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published: 12/22/04
updated: 1/20/13

Scientology Beliefs



What does Scientology believe?

scientology sign

Scientology beliefs focus on psychological technologies that people can use to make their lives better, calling itself an "applied religious philosophy." It does not have formal doctrines and creeds like many other Western religions. As such, Scientology has very little to say about God, the afterlife or other religious ideas.

Just as Scientology is focused on humanity, so are its beliefs. Its applications emphasize the present life, as opposed to past lives like in many Eastern religions, or the next life, like in many Western religions.

Nevertheless, the Church of Scientology considers itself a religion because of its focus on the soul and spiritual awareness and does include some beliefs on other traditionally religious subjects.




God in Scientology

Scientology includes belief in God, but offers no details or doctrine about God. In his explorations, founder L. Ron Hubbard noted the prevalence and importance of belief in a Supreme Being to all peoples. God is, therefore, the Eighth Dynamic, which is also known as Infinity. Scientologists who progress to the Eighth Dynamic come to their own conclusions regarding the Supreme Being.

Human Nature and Thetan

Based on his personal research, Hubbard concluded that a human is made up of three parts: the body, the mind and the thetan.

  • The body includes the brain, which is not to be confused with the mind. The purpose of the brain is to carry messages; it is likened to a switchboard
  • The mind "consists essentially of pictures." [3] It is the accumulation of life experiences, memories, perceptions, decisions and conclusions
  • The thetan is the soul, which is the true essence of a human being. Hubbard felt that "soul" had come to have too many meanings, so coined the term thetan based on the Greek letter theta. According to the church: "A thetan is the person himself, not his body or his name or the physical universe, his mind or anything else. It is that which is aware of being aware; the identity which IS the individual. One does not have a thetan, something one keeps somewhere apart from oneself; he is a thetan. [4]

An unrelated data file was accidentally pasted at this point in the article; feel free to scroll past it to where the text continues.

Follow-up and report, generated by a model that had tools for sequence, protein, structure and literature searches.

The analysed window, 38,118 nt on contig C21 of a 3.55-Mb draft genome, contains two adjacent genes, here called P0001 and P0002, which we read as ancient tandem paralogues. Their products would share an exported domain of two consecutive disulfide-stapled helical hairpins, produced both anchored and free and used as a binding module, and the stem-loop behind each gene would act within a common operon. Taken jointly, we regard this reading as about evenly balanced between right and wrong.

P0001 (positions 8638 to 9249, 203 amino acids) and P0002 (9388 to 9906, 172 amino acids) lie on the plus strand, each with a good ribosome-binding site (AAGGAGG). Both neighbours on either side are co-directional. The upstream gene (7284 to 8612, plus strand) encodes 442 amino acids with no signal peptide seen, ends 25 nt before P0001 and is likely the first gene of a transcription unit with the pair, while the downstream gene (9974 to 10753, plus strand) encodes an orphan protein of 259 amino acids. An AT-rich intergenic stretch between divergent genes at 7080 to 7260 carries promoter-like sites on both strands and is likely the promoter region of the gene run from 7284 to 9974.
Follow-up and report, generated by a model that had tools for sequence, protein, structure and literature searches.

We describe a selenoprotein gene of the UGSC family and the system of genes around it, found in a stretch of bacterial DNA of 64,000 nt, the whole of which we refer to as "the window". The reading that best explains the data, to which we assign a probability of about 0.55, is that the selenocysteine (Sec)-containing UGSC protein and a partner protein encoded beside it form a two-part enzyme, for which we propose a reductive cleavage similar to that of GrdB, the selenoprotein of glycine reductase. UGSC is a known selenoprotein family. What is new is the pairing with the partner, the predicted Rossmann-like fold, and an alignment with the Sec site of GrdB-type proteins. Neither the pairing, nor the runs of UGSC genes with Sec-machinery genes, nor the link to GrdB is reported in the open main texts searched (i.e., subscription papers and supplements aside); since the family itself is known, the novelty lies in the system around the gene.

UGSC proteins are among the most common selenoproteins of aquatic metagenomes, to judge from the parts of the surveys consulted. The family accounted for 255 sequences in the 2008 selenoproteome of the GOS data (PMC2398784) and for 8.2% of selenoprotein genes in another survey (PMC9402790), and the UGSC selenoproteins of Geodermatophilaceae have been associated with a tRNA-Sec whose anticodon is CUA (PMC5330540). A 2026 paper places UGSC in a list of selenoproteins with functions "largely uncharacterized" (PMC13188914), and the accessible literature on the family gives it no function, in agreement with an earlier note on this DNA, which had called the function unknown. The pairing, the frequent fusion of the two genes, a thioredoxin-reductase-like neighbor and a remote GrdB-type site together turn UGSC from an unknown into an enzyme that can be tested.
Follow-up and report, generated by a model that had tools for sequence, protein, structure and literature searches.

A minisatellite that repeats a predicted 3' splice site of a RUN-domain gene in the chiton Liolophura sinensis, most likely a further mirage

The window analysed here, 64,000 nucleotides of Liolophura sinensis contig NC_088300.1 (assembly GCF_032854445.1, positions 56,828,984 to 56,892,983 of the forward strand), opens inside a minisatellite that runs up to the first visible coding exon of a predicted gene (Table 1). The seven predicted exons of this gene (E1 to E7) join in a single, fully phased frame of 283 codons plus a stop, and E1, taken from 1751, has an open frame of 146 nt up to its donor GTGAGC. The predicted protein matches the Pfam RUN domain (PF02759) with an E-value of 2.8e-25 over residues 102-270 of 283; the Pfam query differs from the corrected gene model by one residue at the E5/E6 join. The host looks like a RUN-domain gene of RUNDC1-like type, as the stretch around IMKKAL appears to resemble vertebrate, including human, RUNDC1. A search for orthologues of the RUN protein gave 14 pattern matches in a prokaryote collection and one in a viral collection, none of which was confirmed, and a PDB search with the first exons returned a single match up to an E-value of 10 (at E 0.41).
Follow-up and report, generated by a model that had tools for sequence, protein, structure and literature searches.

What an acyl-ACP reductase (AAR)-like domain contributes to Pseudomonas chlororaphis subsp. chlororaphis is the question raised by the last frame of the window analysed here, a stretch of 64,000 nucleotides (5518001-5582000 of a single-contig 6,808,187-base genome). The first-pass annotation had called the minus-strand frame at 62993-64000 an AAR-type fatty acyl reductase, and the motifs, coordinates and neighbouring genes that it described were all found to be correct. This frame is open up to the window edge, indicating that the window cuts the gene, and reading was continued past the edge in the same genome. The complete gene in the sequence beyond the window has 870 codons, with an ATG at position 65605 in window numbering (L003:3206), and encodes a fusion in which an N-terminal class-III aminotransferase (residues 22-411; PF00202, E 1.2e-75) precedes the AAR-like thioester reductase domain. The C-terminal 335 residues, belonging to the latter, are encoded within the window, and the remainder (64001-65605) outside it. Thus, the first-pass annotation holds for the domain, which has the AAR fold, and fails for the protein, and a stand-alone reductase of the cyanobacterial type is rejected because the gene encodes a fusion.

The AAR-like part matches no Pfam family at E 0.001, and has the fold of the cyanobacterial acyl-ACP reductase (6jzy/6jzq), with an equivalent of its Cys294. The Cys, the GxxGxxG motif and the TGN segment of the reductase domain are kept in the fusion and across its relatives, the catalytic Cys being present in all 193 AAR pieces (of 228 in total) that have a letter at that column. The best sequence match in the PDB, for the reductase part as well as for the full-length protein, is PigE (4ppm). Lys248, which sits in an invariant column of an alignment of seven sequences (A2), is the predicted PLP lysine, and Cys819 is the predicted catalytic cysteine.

The thetan can exist entirely independent of the body and the mind. Scientology teaches that, through a process called exteriorization, a thetan can leave the body but still control the body. This experience results in a person's certainty that he is not identified with his body. A person who is able to practice exteriorization is called an Operating Thetan or OT. The official Scientology website states:

Man is a spiritual being endowed with abilities well beyond those which he normally envisages. He is not only able to solve his own problems, accomplish his goals and gain lasting happiness, but also to achieve new states of awareness he may never have dreamed possible. [5]

Afterlife

Scientology does not include an official belief about the afterlife. Yet, it reports that during auditing, a person often recalls memories of past lives and that Scientology ascribes to the idea of being born again into another body. [6]

Xenu

In Scientology doctrine, Xenu is a galactic ruler who, 75 million years ago, brought billions of people to Earth, stacked them around volcanoes and blew them up with hydrogen bombs. Their souls then clustered together and stuck to the bodies of the living. These events are known as "Incident II" or "The Wall of Fire," and the traumatic memories associated with them are known as the "R6 implant." The Xenu story prompted the use of the volcano as a Scientology symbol.

Scientology founder L. Ron Hubbard detailed the story in Operating Thetan Level III in 1967, famously warning that R6 was "calculated to kill (by pneumonia etc) anyone who attempts to solve it." Much controversy between the Church of Scientology and its critics has focused on Xenu. The Church avoids making mention of Xenu in public statements and has gone to considerable effort to maintain the story's confidentiality, including legal action on both copyright and trade secrecy grounds. Critics claim that revealing the story is in the public interest, given the high prices charged for attaining the level of OT III.


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References
  1. "FAQ." Scientology.org.
  2. "FAQ." Scientology.org.
  3. "A Description of Scientology." Scientology.org.
  4. "A Description of Scientology." Scientology.org.
  5. "A Description of Scientology." Scientology.org.
  6. "FAQ." Scientology.org.